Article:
To increase the crunchy and the crispy effect of the doughs, reducing agents (cysteine, glutathione, deactivated yeast, ascorbic acid, etc.) and endopeptidases (papainases, alcalase, trypsin) are often used (Lallemand, 1996) . In WO2005077194 patent, the use of endopeptidases was already applied to puff pastries to prolong the crunchy effect of the croissant, and may be reheated in microwave oven while maintaining the crunchy properties (Hargreaves et al . , 2005) . Another alternative to obtain crispy puff pastries using microwave radiation as a source of energy to the confection of stuffed pastries is the use of barriers to the migration of water. In the patent US6503546 (Ferrari-Philippe e Tharrault, 2003), the barrier is composed of a mixture of 89% of low melting point fat (preferably medium-chain triglycerides), 10% protein (preferably calcium caseinate) and 1% hydrocolloid (preferably iota-carrageenan) . This preparation is sprayed on top of the puff pastry, the stuffing then being placed with a high percentage of water. To reduce the impact of microwave radiation in the stuffing, it is also sprayed on its surface. The food thus prepared is able to be cooked in a microwave oven so as to obtain a crunchy puff pastry. Other barriers to the migration of water from the stuffing to the puff pastry, being this previously confectioned, have also been proposed in patents EP0638488A1 (Rees, 1995) and EP0509566A1 (Van e Verhoef, 1992) . It is, in both cases, the use of the emulsifying agent E472a - ACETEM (mono- and di-acetylated acylglycerides ) that forms a hydrophobic barrier. Due to poor adhesion to the puff pastry after confection, it needs to be applied on a physical support, consisting of pastry shortcrust or rice paper. However, this solution only has application in products whose dough and stuffing can be made-up separately, which is not the case of custard tart.

Summary

The present application describes a modified formulation of puff pastry and custard cream that allows preparing custard tarts ready for consumption after heating in microwave oven. Despite stuffed crispy puff pastry products after heating in microwave oven are described, it has never been described a formulation allowing simultaneous baking and filling of the puff pastry, that after quick-freezing and heating in microwave oven maintains its crispness and sui generis characteristics. The custard tarts are a product whose physical characteristics are only obtained by the simultaneous confection of puff pastry and custard cream.

In the present application, the addition of hydrocolloids, for example, by the addition of xanthan, stabilized rice fiber and insoluble soy extract to the dough, and with the addition of HPMC to the margarine and cream custard, it is possible to make and to quick-freeze custard tarts that after reheating in a microwave oven, have the characteristics of a fresh and crispy custard tart.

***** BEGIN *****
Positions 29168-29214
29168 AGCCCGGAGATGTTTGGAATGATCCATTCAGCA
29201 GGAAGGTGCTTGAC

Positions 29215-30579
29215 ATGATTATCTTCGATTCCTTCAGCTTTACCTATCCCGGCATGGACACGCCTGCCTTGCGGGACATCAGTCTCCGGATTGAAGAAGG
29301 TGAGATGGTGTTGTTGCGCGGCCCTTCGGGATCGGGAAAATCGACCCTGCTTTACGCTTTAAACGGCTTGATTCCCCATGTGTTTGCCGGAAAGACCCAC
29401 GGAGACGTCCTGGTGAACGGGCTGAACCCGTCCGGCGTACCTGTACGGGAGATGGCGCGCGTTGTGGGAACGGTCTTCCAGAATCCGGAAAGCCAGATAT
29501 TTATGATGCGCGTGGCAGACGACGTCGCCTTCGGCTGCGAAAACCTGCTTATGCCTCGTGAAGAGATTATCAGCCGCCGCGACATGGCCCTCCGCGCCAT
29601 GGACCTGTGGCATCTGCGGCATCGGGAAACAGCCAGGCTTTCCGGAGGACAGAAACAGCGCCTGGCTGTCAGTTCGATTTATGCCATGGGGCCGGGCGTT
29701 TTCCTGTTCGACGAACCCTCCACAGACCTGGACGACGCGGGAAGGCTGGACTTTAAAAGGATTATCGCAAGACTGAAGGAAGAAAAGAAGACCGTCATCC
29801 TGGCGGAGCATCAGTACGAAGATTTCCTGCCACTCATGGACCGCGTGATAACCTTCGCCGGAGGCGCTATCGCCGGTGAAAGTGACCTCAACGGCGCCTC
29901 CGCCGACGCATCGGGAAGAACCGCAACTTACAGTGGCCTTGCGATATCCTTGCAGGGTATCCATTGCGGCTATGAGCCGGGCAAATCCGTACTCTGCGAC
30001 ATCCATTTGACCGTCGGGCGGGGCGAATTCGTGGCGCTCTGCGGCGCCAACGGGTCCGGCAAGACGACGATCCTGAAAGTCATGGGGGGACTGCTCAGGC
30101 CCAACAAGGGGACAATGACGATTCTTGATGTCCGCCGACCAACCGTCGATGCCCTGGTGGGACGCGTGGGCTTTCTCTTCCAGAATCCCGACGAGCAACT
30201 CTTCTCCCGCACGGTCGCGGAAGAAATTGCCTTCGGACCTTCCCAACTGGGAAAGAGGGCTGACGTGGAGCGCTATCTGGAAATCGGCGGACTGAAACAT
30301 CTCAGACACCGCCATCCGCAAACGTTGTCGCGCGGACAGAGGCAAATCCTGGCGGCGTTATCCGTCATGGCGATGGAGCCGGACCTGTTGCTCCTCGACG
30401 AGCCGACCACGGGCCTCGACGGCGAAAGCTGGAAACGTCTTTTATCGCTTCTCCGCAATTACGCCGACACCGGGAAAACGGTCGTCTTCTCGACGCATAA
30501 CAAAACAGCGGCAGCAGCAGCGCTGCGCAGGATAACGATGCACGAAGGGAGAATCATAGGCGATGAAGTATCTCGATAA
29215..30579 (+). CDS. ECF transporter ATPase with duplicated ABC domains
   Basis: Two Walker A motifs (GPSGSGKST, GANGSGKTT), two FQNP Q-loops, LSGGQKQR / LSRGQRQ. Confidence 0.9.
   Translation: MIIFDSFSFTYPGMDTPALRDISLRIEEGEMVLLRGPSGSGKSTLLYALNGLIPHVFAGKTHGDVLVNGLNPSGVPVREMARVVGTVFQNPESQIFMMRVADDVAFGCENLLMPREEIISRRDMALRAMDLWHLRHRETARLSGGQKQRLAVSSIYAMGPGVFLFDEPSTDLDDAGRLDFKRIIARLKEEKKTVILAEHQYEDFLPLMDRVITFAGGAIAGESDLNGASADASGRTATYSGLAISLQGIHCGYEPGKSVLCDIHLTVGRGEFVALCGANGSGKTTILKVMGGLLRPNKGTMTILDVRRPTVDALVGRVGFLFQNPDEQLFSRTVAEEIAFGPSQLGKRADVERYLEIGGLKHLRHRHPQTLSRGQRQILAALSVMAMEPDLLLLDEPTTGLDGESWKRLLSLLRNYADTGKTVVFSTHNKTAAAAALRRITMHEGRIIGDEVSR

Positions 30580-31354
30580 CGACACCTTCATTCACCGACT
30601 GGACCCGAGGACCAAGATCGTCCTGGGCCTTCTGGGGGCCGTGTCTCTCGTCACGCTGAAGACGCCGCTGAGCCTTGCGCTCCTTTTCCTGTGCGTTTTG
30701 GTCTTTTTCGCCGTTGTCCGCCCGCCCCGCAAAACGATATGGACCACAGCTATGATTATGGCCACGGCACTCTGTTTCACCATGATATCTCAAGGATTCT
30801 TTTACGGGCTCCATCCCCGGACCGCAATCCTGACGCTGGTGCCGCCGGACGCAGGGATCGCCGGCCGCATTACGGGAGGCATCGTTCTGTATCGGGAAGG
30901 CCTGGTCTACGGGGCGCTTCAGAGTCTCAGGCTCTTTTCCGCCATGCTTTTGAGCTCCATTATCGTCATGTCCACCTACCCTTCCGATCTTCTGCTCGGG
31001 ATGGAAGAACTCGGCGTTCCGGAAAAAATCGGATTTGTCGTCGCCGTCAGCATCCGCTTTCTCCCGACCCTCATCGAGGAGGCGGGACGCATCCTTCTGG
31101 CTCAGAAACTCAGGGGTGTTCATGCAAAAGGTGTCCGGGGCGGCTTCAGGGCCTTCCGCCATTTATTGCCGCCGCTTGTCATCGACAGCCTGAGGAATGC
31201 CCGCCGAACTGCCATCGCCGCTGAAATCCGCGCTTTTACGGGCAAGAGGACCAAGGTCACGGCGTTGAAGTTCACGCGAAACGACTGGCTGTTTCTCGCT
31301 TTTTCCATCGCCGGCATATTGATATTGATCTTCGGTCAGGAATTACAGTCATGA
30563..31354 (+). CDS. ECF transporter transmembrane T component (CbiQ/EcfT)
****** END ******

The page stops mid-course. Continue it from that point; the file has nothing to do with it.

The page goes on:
The present application has potential application in the preparation of other puff pastry-based food products with different kinds of stuffings, allowing its traditional confection, conservation by quick-freezing and use by reheating in domestic microwave oven.

The present application describes a modified formulation of puff pastry and custard cream for the preparation of custard tarts for reheating in a domestic microwave oven which comprises the addition of hydrocolloids.

The present application also describes a production process of custard tarts for reheating in a domestic microwave oven which comprises the following steps:

preparation of puff pastry with the addition of hydrocolloids to the mixture of flour, water, salt, dietary fiber and also to the margarine;

custard cream preparation with the addition of hydrocolloids to the mixture of sugar and flour. In one embodiment, the hydrocolloid is selected from the group comprising xanthan, carrageenan, carboxymethylcellulose and hydroxypropylmethylcellulose (HPMC) .

In another embodiment, the hydrocolloid is preferably hydroxypropylmethylcellulose (HPMC) .

Yet in one embodiment, for the puff pastry, the modified formulation comprises dietary fibers.

In one embodiment, the dietary fibers are selected from the group comprising rice fiber and soybean extract.

In another embodiment, the custard tart confection is made in a conventional oven, selected from the group which comprises convection oven, electric oven, wood oven and home oven.

Yet in one embodiment, the conservation of the custard tarts is achieved by freezing.

In one embodiment, freezing is carried out by quick- freezing, at negative 45 °C.

General Description

The process of the present application is based on the formulation of puff pastry and cream, allowing preparation of custard tarts ready for consumption after reheating in a microwave oven of custard tarts previously prepared and preserved by quick-freezing, keeping the same characteristics of the custard tart just taken out of a conventional oven. This is possible by incorporation in the formulation of puff pastry and custard cream of hydrocolloids-based food ingredients. These ingredients allow dough strengthening and water stabilization preventing its migration, providing a crispy and crunchy puff pastry after reheating. The addition of hydrocolloids , in particular to hydroxypropylmethylcellulose (HPMC) , to creams, reduces the size of the ice crystals in frozen products and prevents boiling during heating, helping to maintain the cream structure.